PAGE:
In Attorney General v. Goodman Agencies Ltd and others (High Court Civil Division Misc. Application No. 361 of 2015), the Attorney General brought the application seeking court’s guidance on who was entitled to receive payment for the previous judgement which Goodman Agencies had won. The shareholders and the directors could not agree on who was entitled to receive the payment. The shareholders had instructed a law firm to receive the payment. However, the directors had not instructed the said law firm since they had withdrawn instructions from them. Court held that the shareholders could not claim for the money as they did not have a right to. It was the company through the board of directors to claim for the money. The company had not instructed the law firm and this meant that the law firm was acting for the shareholders and not the company.
If counsel is approached by aggrieved company shareholders to pursue a suit on behalf of the company itself, counsel should decline to proceed with this approach and advise them to proceed with a “derivative suit” instead. Failure to do so can lead counsel to positioning himself in danger of being considered as acting without instructions. Derivative actions are the only way shareholders can proceed to make good the wrongs done within the company. In Awool v. Merryweather(1867) court explained that provided a decision not to sue has not been made by a majority of the company competent organ, individual shareholder may bring a derivative action in respect of a complaint in their capacity as members of the company where those in control are allegedly at fault.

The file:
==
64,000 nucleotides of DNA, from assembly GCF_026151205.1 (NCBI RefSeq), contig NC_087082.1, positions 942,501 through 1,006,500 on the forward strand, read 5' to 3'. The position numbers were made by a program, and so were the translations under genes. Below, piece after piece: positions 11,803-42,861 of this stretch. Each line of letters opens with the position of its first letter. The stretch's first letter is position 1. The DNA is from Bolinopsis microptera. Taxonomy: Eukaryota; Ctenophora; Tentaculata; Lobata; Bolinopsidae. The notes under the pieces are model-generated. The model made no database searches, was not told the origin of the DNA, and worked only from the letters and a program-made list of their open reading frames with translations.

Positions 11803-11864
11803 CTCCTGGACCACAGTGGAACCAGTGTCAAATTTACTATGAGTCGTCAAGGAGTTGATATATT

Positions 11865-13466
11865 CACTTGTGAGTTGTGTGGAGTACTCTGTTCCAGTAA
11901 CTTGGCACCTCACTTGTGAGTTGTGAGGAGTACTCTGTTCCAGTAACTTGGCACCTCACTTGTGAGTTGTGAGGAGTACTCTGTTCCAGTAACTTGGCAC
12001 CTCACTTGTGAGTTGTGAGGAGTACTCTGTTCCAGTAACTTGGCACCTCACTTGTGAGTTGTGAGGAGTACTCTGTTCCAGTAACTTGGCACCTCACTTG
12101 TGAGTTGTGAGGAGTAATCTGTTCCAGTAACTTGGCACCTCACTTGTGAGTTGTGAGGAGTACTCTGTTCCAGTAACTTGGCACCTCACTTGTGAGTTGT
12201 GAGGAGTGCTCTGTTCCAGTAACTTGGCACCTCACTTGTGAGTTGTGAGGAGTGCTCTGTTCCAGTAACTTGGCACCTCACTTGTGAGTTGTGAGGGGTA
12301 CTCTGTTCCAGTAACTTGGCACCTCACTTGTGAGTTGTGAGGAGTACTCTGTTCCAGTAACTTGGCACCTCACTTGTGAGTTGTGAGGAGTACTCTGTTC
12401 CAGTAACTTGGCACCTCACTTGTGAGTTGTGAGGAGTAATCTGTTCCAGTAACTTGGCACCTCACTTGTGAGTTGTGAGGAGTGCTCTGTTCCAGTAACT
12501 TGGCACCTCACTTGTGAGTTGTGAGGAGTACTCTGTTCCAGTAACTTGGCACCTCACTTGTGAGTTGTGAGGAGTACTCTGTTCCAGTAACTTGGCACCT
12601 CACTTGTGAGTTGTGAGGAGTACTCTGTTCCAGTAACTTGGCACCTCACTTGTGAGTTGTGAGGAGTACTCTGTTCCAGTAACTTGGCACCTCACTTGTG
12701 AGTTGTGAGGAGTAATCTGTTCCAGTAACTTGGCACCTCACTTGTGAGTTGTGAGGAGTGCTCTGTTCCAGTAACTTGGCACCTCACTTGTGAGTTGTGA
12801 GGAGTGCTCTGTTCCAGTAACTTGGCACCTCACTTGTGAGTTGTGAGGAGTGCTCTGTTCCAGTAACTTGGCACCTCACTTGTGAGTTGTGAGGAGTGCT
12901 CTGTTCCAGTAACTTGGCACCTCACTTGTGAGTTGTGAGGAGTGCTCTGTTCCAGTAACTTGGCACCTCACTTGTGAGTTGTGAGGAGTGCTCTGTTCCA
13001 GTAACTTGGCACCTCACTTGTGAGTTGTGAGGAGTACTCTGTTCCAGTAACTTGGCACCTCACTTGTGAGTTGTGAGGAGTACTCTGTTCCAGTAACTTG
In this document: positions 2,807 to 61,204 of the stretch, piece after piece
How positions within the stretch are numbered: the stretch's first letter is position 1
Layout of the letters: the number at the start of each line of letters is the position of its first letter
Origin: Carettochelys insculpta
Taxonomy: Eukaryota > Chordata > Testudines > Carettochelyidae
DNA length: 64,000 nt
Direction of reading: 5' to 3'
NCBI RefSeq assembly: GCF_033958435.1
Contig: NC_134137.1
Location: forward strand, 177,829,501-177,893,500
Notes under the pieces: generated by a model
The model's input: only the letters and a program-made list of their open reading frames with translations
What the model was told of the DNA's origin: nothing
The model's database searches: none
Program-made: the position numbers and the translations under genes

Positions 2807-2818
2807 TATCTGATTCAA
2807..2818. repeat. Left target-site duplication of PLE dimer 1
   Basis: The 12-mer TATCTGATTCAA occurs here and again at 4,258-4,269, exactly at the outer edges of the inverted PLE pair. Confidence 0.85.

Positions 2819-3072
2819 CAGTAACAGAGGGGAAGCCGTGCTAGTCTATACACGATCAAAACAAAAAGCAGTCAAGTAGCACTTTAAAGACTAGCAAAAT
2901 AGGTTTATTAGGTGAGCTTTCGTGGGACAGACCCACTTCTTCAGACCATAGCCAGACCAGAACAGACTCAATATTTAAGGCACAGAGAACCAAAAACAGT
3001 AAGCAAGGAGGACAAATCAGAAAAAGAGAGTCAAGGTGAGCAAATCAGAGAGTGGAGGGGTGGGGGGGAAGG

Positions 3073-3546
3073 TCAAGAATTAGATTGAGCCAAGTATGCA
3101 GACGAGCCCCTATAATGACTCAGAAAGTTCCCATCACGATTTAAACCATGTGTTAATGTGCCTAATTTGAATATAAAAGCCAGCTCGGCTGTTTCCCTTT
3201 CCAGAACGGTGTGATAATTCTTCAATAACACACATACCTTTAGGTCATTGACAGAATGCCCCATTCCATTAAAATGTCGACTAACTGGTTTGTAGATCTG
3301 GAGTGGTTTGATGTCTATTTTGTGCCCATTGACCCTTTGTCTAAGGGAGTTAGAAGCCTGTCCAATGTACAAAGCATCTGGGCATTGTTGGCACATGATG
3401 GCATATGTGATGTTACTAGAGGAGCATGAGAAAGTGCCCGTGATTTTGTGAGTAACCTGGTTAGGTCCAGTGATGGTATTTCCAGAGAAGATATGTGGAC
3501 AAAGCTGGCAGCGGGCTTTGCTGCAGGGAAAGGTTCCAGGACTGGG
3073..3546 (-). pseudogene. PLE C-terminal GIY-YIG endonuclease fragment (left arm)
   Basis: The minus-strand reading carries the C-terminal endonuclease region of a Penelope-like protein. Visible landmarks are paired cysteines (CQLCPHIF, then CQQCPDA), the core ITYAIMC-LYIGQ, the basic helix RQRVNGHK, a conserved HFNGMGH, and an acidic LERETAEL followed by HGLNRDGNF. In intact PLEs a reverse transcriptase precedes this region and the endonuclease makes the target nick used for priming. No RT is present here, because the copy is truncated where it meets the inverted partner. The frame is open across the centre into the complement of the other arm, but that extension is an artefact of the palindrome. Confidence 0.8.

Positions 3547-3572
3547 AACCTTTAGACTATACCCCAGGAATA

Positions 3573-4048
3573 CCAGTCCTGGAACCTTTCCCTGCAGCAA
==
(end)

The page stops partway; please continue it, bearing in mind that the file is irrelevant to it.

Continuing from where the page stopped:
Counsel should be cautious not to act on instructions from a person who might be passing off him/herself as a director. In City African Textile Shop Ltd v. Jan Mohamed Ltd (High Court Commercial Division Misc. Application 0437 of 2002), a person who passed off himself as the executive director had given instructions to counsel. Court held that the letter instructing counsel to represent the applicants was not signed by the real managing director but by a person whose name did not appear in the list of directors filed with the registrar of companies. The letter could not give authority to counsel to act.
HOW CAN COUNSEL PROVE THAT HE HAD INSTRUCTIONS TO ACT FOR THE COMPANY?
- Producing the contract for provision of legal services.
- Producing the board resolution extract showing the directors agreement to instruct counsel.
- Producing an instruction letter or email by a director or other authorized officer of the company
- Presence of the company director or officer in court can be a proper way to prove that counsel is under instructions to pursue the suit.
- A signature of a company director or other authorized officer on an affidavit or other pleadings produced in court can be good evidence to prove that counsel is acting on instructions
CONCLUSION: POINTS FOR CONSIDERATION.
- Counsel must get instructions from a director(s) or other principal officer who has express or implied authority.
- Shareholders have no locus standi to instruct counsel to sue on behalf of the company.
- A board resolution is not mandatory for valid instruction
- The indoor management rule is a doubled edged sword.